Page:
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PNS Daily Newscast - July 23, 2019 


A bipartisan deal reached to avert U.S. government default. Also on our Tuesday rundown: a new report calculates the high hospital costs for employers. Plus, new legislation could help protect Florida's at-risk wildlife.

Daily Newscasts

Public News Service - VA: Criminal Justice

Many Virginia cities and counties began researching a decade ago to create programs to divert people with mental illnesses from incarceration. (Adobe Stock)

ARLINGTON, Va. — Arlington County will hold a meeting this week to get public input on a new program designed to offer those with mental illnesses treatment instead of jail time when they're arrested. The idea behind what's known as "mental health court" is to waive incarceration if a person

Refusal of treatment for serious medical needs is

RICHMOND, Va. — After being refused the most up-to-date medical care for Hepatitis C while incarcerated at the Buckingham Correctional Center, Elmo Augustus Reid now is receiving potentially life-saving treatment thanks to a recent victory in court. As many as 60 percent of people in Virgini

Alexei Wood is the only journalist still facing felony charges after being swept up in the arrests of rioters at President Donald Trump's inauguration. (Alexei Wood/Youtube)

RICHMOND, Va. – Press groups and photojournalist Alexei Wood say there are troubling implications to Wood's trial on charges of multiple felonies. Wood stands charged with six felonies and two misdemeanors in a Washington, D.C. Superior Court. He says the video he shot of rioting during Pr

Data from The Annie E. Casey Foundation shows that locking up juvenile offenders when they are not really a threat can change the young person for life. (Richard Ross/AECF)

RICHMOND, Va. – A program to help keep juvenile offenders out of pre-trial detention is showing big results for Virginia. The state and some local jurisdictions have worked with The Annie E. Casey Foundation's Juvenile Detention Alternatives Initiative since 2003. Beth Stinnett, program ma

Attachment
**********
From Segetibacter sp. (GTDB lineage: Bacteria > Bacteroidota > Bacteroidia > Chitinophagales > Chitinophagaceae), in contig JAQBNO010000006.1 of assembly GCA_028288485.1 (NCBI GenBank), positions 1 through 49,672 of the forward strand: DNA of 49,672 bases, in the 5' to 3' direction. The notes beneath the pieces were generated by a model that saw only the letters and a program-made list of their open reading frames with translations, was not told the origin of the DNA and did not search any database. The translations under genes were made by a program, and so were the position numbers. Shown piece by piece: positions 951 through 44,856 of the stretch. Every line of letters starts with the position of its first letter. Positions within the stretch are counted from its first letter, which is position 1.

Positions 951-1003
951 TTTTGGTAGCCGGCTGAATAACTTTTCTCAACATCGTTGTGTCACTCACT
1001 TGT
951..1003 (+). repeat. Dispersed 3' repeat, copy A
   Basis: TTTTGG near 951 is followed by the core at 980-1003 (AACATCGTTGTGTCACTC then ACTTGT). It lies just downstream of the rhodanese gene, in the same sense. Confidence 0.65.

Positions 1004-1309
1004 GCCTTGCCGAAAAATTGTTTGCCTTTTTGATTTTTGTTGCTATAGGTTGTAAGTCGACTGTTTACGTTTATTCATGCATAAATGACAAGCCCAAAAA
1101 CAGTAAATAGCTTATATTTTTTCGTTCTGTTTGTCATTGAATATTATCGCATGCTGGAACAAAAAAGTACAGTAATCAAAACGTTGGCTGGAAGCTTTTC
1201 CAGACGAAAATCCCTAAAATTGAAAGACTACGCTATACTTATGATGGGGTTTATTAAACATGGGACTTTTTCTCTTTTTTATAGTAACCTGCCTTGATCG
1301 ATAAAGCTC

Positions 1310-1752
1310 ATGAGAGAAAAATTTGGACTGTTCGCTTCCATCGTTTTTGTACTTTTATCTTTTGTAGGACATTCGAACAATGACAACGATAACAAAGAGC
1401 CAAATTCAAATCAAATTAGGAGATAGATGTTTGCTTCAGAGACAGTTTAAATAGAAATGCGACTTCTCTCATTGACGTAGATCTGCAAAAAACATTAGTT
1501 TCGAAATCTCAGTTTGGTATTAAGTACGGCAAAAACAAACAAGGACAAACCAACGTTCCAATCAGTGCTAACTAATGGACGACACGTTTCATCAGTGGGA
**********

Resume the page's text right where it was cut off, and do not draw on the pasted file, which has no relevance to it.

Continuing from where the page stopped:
The family of Jamycheal Mitchell say they have been gratified to see mental-health reforms move through the legislature this year. (the Mitchell family/Youtube)

RICHMOND, Va. -- The state's General Assembly has taken a number of steps to strengthen Virginia's mental health services. And the family of Jamycheal Mitchell has said it was deeply gratifying to see the reforms. Mitchell was the young mentally ill man who was arrested for stealing $5 worth of sn

A new report finds young offenders spend longer locked up because of court fines and fees. (Juvenile Law Center)

RICHMOND, Va. - Young people in Virginia's juvenile-justice system often end up jailed longer because of their inability to pay fines and court fees, according to a new analysis by the Juvenile Law Center. Its report, "Debtors' Prison for Kids," found that many young offenders stay locked up or on

As Gov. Terry McAuliffe signs orders restoring voting rights to reformed Virginia felons, many are questioning the law making that necessary. (Michaele White/Governor's Office/Flickr)

RICHMOND, Va. – Critics of Virginia's law that makes it hard for reformed felons to vote call it backward and discriminatory. That includes Gov. Terry McAuliffe, who says he'll sign thousands of individual orders restoring voting rights for felons who have finished their sentences. U.S. Se

According to a new survey, U.S. jails hold ten times more mentally ill individuals than hospitals. Jamycheal Mitchell died in jail after being arrested for stealing five dollars worth of snacks. (Youtube/the Mitchell family)

RICHMOND, Va. -- U.S. jails are overrun with mentally ill inmates and are ill-equipped to deal with the problem, according to a recent survey of corrections staff. The study found that on average 16 percent of prisoners in the U.S. correctional system are seriously mentally ill. The study’s

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